The Winston Churchill quote “never waste a good crisis” has been churned out a lot during the COVID-19 period, but South Australian Premier Steven Marshall put it into practice when he smashed the final nail into the coffin of the Adelaide 500 yesterday.
The truth is that the Adelaide event was given a lethal injection a long time before COVID-19 came along and Marshall conveniently used the pandemic as a baton of fear to turn off the life support.
It was more than obvious to anyone with experience that the event was set to be read its last rights after its current contract with Supercars expired in 2021 – our old mate COVID-19 just provided a timely excuse to fast track the process.
This year’s event was a mere shell of its former glory, a soulless event just ticking a box on a slash and burn journey to the inevitable.
When an organiser of an event is keen to throw their attendance numbers at you despite a major decrease you know there is something not quite right.
In 2018 the event was a sellout on the Sunday with the help of Robbie Williams as the headline act and last year the Red Hot Chilli Peppers stole the show.
This year the Hilltop Hoods, Illy and G Flip headed the Sunday night line-up and with all due respect to their talent, their appearance fees were probably the only thing larger than the event’s depleted marketing budget.
In recent years the Adelaide 500 was jammed into the city’s event calendar alongside the Fringe Festival in a period that became known as “Mad March”.
The only thing “mad” about this was the decision itself which displayed a total lack of respect for the size and stature of the 500.
If you want some evidence of just how big the Adelaide 500 had become then consider this:
This year’s 22nd event attracted 206,350 fans – the lowest since 171,200 attended the 2002 event, which was a three and not four-day affair.
A major red flag for the event was waved when organisers keenly provided these figures before the event was even over on the Sunday and then openly classified them as “disappointing” as if the statement had been pre-prepared.
The Long Beach Grand Prix for IndyCars in Southern California, one of the most prestigious and longest running street events in the world, attracted fewer people to its 2019 event than Adelaide (it’s 2020 event in April was cancelled legitimately because of COVID-19).
Despite the political and PR focus on “long range” attendees and interstate guests, the major focus for any promoter of such an event is the “drive” market or people living within a 200km-250km radius.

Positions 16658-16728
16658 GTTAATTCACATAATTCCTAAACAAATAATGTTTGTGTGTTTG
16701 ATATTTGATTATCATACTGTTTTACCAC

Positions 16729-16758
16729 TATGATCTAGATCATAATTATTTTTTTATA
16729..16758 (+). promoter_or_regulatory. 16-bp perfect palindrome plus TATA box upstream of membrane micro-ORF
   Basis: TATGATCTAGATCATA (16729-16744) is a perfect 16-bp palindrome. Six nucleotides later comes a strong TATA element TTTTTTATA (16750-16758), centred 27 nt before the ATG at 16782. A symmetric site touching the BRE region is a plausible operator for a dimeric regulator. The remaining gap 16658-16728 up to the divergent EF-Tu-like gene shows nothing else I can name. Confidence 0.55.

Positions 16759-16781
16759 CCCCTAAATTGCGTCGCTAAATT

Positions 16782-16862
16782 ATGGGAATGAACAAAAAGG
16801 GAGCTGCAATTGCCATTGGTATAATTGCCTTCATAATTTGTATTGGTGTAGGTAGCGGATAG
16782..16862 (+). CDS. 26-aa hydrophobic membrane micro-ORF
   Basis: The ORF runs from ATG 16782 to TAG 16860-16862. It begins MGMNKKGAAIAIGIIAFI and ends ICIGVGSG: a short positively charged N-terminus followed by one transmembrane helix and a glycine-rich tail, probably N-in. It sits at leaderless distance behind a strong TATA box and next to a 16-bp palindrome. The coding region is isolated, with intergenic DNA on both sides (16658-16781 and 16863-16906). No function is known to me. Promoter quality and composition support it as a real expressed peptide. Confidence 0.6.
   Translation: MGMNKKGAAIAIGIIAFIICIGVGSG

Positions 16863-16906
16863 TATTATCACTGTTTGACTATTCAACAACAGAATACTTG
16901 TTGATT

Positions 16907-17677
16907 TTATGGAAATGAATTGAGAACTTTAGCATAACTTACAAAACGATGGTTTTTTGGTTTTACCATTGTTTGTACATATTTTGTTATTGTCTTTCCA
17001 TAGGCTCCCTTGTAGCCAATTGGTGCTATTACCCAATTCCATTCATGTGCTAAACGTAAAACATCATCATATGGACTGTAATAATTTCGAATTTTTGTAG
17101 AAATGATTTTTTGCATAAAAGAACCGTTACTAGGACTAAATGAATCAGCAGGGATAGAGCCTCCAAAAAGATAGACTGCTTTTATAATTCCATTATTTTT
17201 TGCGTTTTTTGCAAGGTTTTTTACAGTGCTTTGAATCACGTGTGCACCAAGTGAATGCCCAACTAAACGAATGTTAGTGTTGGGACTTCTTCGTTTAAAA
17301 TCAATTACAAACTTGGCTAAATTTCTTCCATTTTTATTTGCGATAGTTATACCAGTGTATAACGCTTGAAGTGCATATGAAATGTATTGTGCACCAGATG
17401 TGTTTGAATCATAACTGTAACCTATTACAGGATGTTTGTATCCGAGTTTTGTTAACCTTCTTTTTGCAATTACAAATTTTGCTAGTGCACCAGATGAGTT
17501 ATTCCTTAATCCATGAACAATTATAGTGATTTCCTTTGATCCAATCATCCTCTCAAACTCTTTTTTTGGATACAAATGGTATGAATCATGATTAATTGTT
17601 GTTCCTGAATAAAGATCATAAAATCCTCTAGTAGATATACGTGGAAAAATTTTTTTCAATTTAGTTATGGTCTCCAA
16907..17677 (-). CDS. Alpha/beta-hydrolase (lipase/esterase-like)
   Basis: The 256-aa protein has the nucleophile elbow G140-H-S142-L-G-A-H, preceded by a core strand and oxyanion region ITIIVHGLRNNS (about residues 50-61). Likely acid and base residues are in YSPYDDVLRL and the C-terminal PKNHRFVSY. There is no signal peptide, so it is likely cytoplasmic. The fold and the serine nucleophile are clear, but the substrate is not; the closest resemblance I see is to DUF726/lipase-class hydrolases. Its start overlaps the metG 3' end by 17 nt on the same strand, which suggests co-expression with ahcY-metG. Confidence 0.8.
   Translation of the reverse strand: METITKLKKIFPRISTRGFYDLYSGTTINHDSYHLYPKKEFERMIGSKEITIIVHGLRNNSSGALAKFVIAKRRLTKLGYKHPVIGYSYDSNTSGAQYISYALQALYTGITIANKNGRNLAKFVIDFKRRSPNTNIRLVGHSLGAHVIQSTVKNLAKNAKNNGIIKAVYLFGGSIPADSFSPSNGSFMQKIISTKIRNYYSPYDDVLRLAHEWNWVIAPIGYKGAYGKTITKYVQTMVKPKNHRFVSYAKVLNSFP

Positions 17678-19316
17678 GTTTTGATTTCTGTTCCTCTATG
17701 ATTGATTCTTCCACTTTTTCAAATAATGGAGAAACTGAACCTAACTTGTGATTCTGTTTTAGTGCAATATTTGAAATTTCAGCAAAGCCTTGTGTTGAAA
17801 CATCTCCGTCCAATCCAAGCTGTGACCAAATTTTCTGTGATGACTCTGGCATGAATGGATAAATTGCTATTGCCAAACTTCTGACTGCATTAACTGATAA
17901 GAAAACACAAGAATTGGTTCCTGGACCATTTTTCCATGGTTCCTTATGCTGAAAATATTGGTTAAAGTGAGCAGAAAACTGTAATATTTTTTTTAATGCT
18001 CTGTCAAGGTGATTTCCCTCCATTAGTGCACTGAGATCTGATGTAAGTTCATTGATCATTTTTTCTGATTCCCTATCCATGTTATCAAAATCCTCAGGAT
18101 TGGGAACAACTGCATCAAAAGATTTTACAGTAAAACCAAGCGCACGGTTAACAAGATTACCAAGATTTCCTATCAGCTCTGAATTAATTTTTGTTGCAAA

For the Adelaide event that population number is approximately 1.3 million, for the Long Beach race it is conservatively around 6 million.
That’s before you take into account that the United States has a similar geographical size to Australia and has a population of 328 million of which 39.5 million live in California alone. Australia as a total of 25.5 million while South Australia has 1.76 million.
Many of those South Australians benefited directly or indirectly from the event, especially the accommodation houses which gouged us every year – hey, them rules of supply and demand!
We haven’t scratched the surface when it comes to commercial ramifications for all the contractors and suppliers to the Adelaide event, many of whom have already taken a serious battering this year.
The success of major events like the Adelaide 500 is achieved through people with a passion to build something great and a vision and creativity to improve on it, show after show.
Over the years Adelaide had those core people like South Australian Motor Sports Board chairman Roger Cook who was instrumental in working with Tony Cochrane to create the first event in 1999.
Cook was followed by Andy Ford and there were a list of committed CEOs like Andrew Daniels, Mark Warren and Nathan Cayzer, founding board member Chris Smerdon, Event Manager Brian Gleeson, Motorsport Manager Jeff Mattner, sales leader and racer Craig Dontas and Media Managers Mike Drewer and Penny Gordon.
Core 24/7 people who lived and breathed the event and took pride in its success and who had seriously earned a cold beer come the Sunday night.
All of those people had some motorsport and event experience, but the only two left standing before yesterday’s tsunami were Gleeson and Mattner, and I am sure both of them would privately admit to having to work with limited remnants of something once great in the last couple of years.
The SA Motor Sport Board was first established as part of the infrastructure put in place to bring the Australian Grand Prix to life in Adelaide in 1985.
For the record, Supercars signed a seven-year extension to their Adelaide 500 contract in 2014 and the South Australian Tourism Commission took the place of the motorsport board in 2015.